Despite the dark subject matter, there are glimmers of hope. The character Zoe, in particular, has a surprising and satisfying transformation as the story progresses. Not all of the women’s stories have happy endings, but what makes The Mother’s Promise so successful is that it finds redemption in sorrow and the resilience of women who stick together. This book will appeal not only to women but to anyone who has harbored a painful secret or has had to ask for help—which is to say, all of us. Highly recommended.

Reviewed by Kalum Meyers

Monday, April 3, 2017

March: Book Three by John Lewis, Andrew Aydin, and Nate Powell

This unforgettable final volume in Congressman John Lewis’s multi-part memoir about the Civil Rights movement in the 1950s and ‘60s has rightfully won numerous major book awards. Book Three maintains the graphic novel format of the first two parts, moving back and forth in time between when Lewis was a leading member of the Student Nonviolent Coordinating Committee, and the day of President Barack Obama’s first inauguration in 2009.

Nate Powell’s powerful illustrations, which brought to life lunch counter sit-ins and the March on Washington in the earlier books, cover the period between the 1963 bombing of the 16th Street Baptist Church in Birmingham, Alabama, to the signing of 1965 Voting Rights Act in this volume. Although legendary figures like Dr. Martin Luther King Jr. and Malcolm X appear, March is ultimately the story of daily heroism by everyday people. Many marchers endured beatings, arrests, and even the murder of friends, but they kept protesting until they ultimately prevailed in their quest for the vote. The whole trilogy is a sobering, but important, read for teens and adults.


Reviewed by Lynn Heitkamp

Tuesday, March 21, 2017

The Death and Life of the Great Lakes by Dan Egan

Pulitzer Prize finalist, Dan Egan, has just released a new work of non-fiction entitled The Death and Life of the Great Lakes. The book was a winner of the J. Anthony Lukas Award – given annually to provide funding necessary for the completion of a non-fiction work focusing on an American topic that is of political and/or social concern.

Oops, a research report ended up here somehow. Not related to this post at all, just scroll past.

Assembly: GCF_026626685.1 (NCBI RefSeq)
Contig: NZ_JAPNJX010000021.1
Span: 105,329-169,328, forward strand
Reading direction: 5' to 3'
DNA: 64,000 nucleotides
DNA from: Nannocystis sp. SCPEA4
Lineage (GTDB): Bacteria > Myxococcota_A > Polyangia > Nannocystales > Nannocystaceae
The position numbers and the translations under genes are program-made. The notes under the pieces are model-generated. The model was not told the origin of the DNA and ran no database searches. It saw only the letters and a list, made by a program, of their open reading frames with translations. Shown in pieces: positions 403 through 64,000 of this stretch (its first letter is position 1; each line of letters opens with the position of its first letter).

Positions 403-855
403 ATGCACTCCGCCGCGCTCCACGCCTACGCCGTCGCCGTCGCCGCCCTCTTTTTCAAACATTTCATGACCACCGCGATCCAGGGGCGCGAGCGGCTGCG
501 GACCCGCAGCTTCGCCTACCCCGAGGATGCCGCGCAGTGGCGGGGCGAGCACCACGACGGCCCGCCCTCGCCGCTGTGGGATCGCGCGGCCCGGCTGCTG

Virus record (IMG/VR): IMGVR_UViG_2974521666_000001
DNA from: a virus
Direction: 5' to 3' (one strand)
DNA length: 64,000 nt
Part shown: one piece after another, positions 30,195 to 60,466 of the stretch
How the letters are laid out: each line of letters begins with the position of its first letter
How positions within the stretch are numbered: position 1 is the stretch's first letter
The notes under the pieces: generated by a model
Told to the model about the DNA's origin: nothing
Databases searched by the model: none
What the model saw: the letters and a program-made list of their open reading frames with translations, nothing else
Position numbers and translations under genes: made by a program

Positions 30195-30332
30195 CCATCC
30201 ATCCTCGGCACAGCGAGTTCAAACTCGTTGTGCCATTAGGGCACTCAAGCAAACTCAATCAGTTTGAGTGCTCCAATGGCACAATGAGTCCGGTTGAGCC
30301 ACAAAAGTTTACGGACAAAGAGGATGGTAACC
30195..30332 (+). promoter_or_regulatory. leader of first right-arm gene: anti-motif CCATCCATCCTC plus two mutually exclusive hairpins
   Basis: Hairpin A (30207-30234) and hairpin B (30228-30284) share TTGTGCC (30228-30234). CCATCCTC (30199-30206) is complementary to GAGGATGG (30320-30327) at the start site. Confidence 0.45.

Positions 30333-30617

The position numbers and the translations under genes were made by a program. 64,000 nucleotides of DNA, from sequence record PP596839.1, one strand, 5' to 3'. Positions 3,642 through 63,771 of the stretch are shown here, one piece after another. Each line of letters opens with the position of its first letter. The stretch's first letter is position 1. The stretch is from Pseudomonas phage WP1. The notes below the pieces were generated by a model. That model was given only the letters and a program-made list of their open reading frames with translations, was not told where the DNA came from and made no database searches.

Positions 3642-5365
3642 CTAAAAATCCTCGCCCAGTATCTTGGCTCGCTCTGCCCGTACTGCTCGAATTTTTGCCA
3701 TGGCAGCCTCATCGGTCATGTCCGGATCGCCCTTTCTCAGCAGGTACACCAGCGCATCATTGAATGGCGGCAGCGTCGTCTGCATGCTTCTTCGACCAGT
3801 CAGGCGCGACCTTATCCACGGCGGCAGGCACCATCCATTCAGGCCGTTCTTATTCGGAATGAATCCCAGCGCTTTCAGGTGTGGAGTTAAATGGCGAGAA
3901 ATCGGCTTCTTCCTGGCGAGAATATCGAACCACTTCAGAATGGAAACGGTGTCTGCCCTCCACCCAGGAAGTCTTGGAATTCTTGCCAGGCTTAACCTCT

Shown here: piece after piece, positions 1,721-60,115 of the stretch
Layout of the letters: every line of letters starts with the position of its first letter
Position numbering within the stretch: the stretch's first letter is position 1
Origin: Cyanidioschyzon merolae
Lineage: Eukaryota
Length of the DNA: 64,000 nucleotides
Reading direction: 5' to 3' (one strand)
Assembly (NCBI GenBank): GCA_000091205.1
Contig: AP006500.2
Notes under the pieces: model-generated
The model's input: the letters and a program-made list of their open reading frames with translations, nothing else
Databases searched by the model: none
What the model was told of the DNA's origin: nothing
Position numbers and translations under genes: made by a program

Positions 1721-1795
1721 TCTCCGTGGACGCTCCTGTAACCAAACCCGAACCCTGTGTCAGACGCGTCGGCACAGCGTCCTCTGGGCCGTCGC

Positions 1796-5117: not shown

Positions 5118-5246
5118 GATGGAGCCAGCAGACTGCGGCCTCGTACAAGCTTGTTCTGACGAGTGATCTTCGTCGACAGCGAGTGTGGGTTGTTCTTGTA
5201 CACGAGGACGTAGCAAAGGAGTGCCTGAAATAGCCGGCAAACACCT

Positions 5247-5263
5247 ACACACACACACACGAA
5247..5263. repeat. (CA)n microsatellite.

Egan’s book starts by educating us on the engineering marvels of the late 1800’s that broke down the barriers of the Great Lakes – Huron, Ontario, Michigan, Erie, and Superior – for improved shipping and to allow Chicago’s sewage to float out to the Mississippi . These man-made changes exposed 20% of the earth’s fresh water to waterborne disease, sea lamprey, zebra and quagga mussels, and more; destroying native species and changing the ecosystem forever. Egan also talks about other threats including toxic algae, climate change, and dredging of shipping channels; addressing the pressing concern of a potential Asian Carp invasion. There are glimmers of hope, as Egan uncovers relatively simple things we can do to ensure that the Great Lakes will be healthy for generations to come.


As Egan covers the life within the Great Lakes, the threats they face daily, and their revival, you can feel his concern for and love of one of our most precious resources. This book is a must-read, as it provides a concise history of the Great Lakes, information on man-made and environmental concerns leading to where we are today, and a blueprint for protecting these bodies of water for the future. The Death and Life of the Great Lakes is relevant and informative. It is a book that should not be ignored.

Reviewed by Jennifer Harden

Tuesday, March 14, 2017

The Wangs vs. the World by Jade Chang

Charles Wang came from Taiwan to the United States and amassed a fortune in the cosmetics industry. He married, bought a house in Bel-Air, and had three children. His first wife died and he married Barbra, who was also from Taiwan. Then in 2008, he made a few mistakes and managed to lose everything. This is the story of Charles and Barbra leaving their home to pick up two of the children from boarding school and college. Luckily, the oldest daughter has her own house in upstate New York. The Wangs are making their way to her in an old Mercedes station wagon. Charles still has a grand scheme to reclaim what he lost. Each chapter is written from the perspective of a different family member. This is a funny road trip story about a family trying to adjust to their change in fortune and figuring out where they belong in the world.

Reviewed by Fiona Swift